The most popular abrasive used for stropping is micro fine green honing compound. Another popular compound is “Yellowstone” which I have never used. I have no idea what the actual abrasive is in Yellowstone, but some people swear by it. Of course it depends on what you want out of an edge. Most kitchen knife touchups start and end on a 325 DMT. Cardboard is a surprisingly-decent option when leather isn’t available.
For a long time I just used some leather without any compound and it worked fine. Using compound just helps to get a fine polish faster. I grab a buffing wheel and load it up with compound.
How To Strop A Knife With A Belt: A Complete Guide
They seem really confusing and seen that you can you a clean strop also. If anyone can explain this to me that would be great. All of these abrasives work very differently ,and are focused on certain metals.
Black is the only phase of stropping for field knives that many people use as. It is a hard grit, used to make this blade what most would consider “sharp enough” when you start with your dull blade. …that you can lay on a hard surface and gently sweep your blade across. I have used the Tormek paste and it’s pretty effective but when it hardens it forms a lumpy residue if you don’t clean it off. I also like Blue Velvet https://nationalservant.com/shop-for-axes-hatchets-at-woodcraft-com/ sold by John Dunkle.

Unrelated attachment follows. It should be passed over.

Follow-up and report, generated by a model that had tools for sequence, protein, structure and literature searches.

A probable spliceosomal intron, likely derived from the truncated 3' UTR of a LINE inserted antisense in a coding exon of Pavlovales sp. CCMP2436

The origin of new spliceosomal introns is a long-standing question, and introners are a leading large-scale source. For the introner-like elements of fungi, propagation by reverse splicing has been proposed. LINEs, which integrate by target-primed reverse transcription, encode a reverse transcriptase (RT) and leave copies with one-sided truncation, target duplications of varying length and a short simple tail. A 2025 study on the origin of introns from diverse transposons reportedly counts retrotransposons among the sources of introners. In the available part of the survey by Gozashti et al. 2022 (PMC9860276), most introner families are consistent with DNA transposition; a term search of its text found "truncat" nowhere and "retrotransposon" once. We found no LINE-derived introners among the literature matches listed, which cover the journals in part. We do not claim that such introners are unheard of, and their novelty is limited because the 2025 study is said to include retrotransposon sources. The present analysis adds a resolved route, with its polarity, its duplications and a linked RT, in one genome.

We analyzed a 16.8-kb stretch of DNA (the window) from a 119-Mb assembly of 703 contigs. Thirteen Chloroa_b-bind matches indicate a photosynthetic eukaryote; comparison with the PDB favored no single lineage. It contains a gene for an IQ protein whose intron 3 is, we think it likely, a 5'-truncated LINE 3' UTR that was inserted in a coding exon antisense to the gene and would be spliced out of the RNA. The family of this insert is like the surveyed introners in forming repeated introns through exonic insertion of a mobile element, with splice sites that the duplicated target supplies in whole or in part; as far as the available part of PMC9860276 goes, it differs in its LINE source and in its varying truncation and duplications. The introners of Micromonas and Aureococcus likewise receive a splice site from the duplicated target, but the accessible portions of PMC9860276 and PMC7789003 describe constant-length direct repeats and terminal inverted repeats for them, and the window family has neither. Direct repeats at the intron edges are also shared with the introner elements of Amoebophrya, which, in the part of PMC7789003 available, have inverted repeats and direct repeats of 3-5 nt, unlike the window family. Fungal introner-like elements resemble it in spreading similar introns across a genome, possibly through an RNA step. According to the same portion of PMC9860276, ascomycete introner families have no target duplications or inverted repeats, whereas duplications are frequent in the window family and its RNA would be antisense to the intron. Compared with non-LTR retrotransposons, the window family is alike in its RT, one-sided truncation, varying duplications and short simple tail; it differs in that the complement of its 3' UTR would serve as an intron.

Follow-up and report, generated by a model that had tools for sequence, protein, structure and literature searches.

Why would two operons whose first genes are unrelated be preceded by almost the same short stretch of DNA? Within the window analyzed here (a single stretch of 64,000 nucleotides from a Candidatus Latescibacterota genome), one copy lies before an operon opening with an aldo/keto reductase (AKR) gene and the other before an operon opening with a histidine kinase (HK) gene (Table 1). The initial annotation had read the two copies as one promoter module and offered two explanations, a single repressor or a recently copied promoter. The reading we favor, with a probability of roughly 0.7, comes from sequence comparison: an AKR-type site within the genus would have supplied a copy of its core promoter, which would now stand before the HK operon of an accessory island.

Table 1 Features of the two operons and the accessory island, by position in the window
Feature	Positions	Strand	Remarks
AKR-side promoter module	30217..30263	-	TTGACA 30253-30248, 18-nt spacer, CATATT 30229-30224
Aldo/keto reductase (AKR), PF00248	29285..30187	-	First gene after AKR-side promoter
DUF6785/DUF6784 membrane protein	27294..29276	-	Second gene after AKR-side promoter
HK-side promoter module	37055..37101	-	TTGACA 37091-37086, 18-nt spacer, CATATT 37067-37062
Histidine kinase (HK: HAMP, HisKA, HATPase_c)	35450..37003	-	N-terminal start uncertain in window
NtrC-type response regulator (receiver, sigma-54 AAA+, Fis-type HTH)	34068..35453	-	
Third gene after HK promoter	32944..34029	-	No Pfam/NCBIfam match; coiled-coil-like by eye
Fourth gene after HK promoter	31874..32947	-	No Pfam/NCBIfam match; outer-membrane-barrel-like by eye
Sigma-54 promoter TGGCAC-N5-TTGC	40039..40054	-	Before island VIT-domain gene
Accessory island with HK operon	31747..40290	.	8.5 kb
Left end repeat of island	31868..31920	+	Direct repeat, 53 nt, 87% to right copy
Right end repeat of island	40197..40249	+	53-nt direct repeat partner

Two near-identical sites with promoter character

The process is the same on any stropping surface, with or without a honing compound. Combine this 4 inch honing strop with your favorite sharpening compound to keep your wood carving knives razor sharp. Many knife sharpening kits come with a mounted strop, which is a piece of smooth grain premium leather that is mounted on top of a wooden block. These mounted strops are usually sold together with a stropping compound and can make a good investment if you are planning on doing a lot of knife sharpening.
Once the edge becomes too obtuse, then it is time to resharpen. If you are sharpening a chisel I wouldn’t bother with the stropping compound anyway and I would go straight to a plain strop. And in that case you are just removing wire remnants that you cannot even feel – leaving the edge formed by as fine an abrasive stone as you wish.
The second is to enable fine sharpening at the edge of a curved tool. They don’t clog up the strop like the solid block compounds. Note that one compound color matches with one strop surface. If you use black on a piece of leather, you won’t later use white on that same strip. For basic field knife maintenance, many people buy one paddle like this, load it with black compound, leave the smooth side bare, and they’re done. No need for other strops with other levels of compound.
Scratches in which the , green compound ,no matter how small the micron size, cannot overcome and remove. Repeating , the chromium oxide does not come near , a.5 um size. BTW. If polish is what you need there are pure white aluminum oxide still is that are quite fine in particular size. It polishes and puts out a different t color profile than chromium oxide.
If you are stropping with compound, you are wasting time with the stone. Japanese style wood workers I know do not strop their tools, if they go as fine as 10,000, that is it. Because of their economy and practicality, wax bars are a go-to format for many sharpeners. Simply rub it onto almost any surface, and you’re ready to go. We carry Green Honing Compound, which is the most popular of all our honing compounds.